Voice from the field 4

Agroecology is not just a set of practices, but a way of life

Anuka Desilva, MONLAR/ LVC, Sri Lanka.

Agroecology is not just a set of practices, but a way of life. It is as much about nurturing our soil, our fields – as it is about solidarity between our peoples. Without solidarity between people, there is no agroecology.

In Sri Lanka, the young collective of peasants from Dikkubura, Ahangama and Galle have attended agroecological formation sessions, met peasants from other regions, and studied and debated on not just the practises we follow in the field, but also the politics of food in general.

Through several training sessions, our collective learnt and exchanged information regarding the preparation of beejamrutha, jeevamrutha, ghana jeevamrutha, agniastra and other inputs used in natural farming. We also learned about dry-land horticulture and different techniques of grafting in horticulture crops. Various seed saving techniques were discussed too. These were the practical aspects. However, we do not just stop there. We also studied the dynamics of the global food system that is now in the hands of transnational corporations. We analysed the impacts of free-trade agreements on local production and consumption. We studied the gender and caste disparity in the ownership of land in South Asia and much more. So the training sessions are often a mix of practical and political aspects of the peasantry.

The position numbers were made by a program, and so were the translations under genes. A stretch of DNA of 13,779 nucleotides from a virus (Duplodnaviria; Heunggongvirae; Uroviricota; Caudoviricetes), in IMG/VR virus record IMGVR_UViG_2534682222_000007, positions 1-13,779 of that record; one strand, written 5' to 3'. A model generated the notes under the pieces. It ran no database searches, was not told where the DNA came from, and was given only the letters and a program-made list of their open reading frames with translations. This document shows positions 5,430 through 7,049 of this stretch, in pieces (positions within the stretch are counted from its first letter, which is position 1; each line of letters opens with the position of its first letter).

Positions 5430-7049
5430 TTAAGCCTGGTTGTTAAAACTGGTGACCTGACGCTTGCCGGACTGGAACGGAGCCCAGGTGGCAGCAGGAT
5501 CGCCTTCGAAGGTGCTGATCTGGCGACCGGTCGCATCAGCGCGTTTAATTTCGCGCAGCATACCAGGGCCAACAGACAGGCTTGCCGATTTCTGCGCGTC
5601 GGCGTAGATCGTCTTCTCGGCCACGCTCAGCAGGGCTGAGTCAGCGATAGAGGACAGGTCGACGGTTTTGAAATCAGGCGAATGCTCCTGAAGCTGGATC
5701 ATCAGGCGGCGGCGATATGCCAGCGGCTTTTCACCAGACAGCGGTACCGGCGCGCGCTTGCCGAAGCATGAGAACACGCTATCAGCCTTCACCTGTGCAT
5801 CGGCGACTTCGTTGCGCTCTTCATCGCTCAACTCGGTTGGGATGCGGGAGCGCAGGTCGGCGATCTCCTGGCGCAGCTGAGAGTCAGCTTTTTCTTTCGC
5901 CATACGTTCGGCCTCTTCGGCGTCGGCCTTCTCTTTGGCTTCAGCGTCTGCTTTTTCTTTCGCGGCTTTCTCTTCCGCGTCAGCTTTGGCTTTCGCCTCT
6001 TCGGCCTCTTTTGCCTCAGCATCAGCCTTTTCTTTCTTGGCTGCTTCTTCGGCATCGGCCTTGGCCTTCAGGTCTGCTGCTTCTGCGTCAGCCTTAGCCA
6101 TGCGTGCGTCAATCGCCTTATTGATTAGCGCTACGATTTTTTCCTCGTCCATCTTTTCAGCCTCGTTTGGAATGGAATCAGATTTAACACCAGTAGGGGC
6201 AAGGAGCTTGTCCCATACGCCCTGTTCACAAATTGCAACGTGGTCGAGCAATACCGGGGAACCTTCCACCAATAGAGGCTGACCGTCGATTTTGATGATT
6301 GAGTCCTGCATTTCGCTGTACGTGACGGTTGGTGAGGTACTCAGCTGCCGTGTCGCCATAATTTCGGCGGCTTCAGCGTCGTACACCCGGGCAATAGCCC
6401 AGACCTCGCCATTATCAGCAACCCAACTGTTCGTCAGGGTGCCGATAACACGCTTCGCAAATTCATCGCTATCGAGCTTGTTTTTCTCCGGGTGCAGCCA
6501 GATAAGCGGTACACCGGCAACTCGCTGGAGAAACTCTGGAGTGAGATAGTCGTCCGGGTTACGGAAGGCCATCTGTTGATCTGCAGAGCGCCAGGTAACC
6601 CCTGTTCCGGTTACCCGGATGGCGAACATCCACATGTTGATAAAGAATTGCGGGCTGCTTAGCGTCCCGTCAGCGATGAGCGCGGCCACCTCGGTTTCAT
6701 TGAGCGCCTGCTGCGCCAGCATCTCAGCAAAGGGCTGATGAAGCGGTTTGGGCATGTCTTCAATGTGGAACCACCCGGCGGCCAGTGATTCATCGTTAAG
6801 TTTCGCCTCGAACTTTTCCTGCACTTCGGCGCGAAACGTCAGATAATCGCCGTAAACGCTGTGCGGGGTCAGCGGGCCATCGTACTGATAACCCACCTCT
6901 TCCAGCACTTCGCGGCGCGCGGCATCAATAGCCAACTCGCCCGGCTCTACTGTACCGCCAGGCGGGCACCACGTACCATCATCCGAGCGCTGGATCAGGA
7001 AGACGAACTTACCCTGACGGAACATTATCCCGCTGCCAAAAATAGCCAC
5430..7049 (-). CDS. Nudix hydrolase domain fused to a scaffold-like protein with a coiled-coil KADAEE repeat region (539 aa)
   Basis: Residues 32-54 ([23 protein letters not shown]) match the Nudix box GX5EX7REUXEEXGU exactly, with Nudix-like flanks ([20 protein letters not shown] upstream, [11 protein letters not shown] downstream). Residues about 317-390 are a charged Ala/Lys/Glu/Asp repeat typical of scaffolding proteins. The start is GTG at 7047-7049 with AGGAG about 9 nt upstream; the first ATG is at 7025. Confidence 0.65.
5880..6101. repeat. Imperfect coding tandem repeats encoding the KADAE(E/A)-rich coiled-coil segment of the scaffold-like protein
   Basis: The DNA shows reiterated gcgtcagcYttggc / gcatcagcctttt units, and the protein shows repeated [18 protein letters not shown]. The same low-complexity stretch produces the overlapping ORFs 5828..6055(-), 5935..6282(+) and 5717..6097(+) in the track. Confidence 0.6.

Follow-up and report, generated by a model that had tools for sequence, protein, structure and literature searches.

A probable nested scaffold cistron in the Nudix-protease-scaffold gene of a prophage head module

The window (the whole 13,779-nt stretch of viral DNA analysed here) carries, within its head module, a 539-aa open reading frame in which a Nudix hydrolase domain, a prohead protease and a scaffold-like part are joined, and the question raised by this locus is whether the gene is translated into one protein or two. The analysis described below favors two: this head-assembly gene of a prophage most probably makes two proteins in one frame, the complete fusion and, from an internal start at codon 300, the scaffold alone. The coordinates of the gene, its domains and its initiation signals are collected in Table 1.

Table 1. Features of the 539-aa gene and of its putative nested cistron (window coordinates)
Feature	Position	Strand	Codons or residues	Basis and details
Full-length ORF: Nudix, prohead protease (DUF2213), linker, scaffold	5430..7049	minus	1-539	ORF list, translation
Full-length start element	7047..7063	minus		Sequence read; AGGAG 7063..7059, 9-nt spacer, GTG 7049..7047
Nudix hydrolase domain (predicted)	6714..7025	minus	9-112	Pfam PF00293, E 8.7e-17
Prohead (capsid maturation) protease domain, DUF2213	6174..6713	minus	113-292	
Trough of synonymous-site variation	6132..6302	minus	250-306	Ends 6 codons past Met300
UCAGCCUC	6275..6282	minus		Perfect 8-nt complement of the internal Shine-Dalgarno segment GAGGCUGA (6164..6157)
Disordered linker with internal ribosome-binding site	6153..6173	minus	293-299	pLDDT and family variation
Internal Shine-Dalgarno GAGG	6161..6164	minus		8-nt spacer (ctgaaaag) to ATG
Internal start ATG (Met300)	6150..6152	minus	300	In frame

Agroecology is at its core giving autonomy to people to design their own food systems, based on local resources and local labour. It is a system that allows us to produce food in harmony with nature and that prioritises the food sovereignty of the local community above everything else.

We need to be clear about this – a set of sustainable practices alone will not help advance Agroecology. The training sessions we have in LVC are about both the practical and political aspects of Agroecology that allow us to make it a tool for achieving food sovereignty.

Voice from the field 5

Food Sovereignty – challenges and hopes for pastoral communities

Fernando Garcia, Campo Adentro, European Shepherds Network — WAMIP, Spain.

In April, while the Covid crisis was at its worst, different social movements’ representatives of the Food Sovereignty movement wrote a letter titled “COVID-19 — Small-scale food producers stand in solidarity and will fight to bring healthy food to all.”(https://www.foodsovereignty.org/covid-19/).

We can hardly foresee the impact that this crisis might entail.
On one hand there is a growing concern regarding the unsustainable patterns of our food models – especially the danger of intensive livestock systems and factory farms which are associated with ecosystem disruption due to industrial agribusiness expansion (such as native forests being removed for palm oil plantations).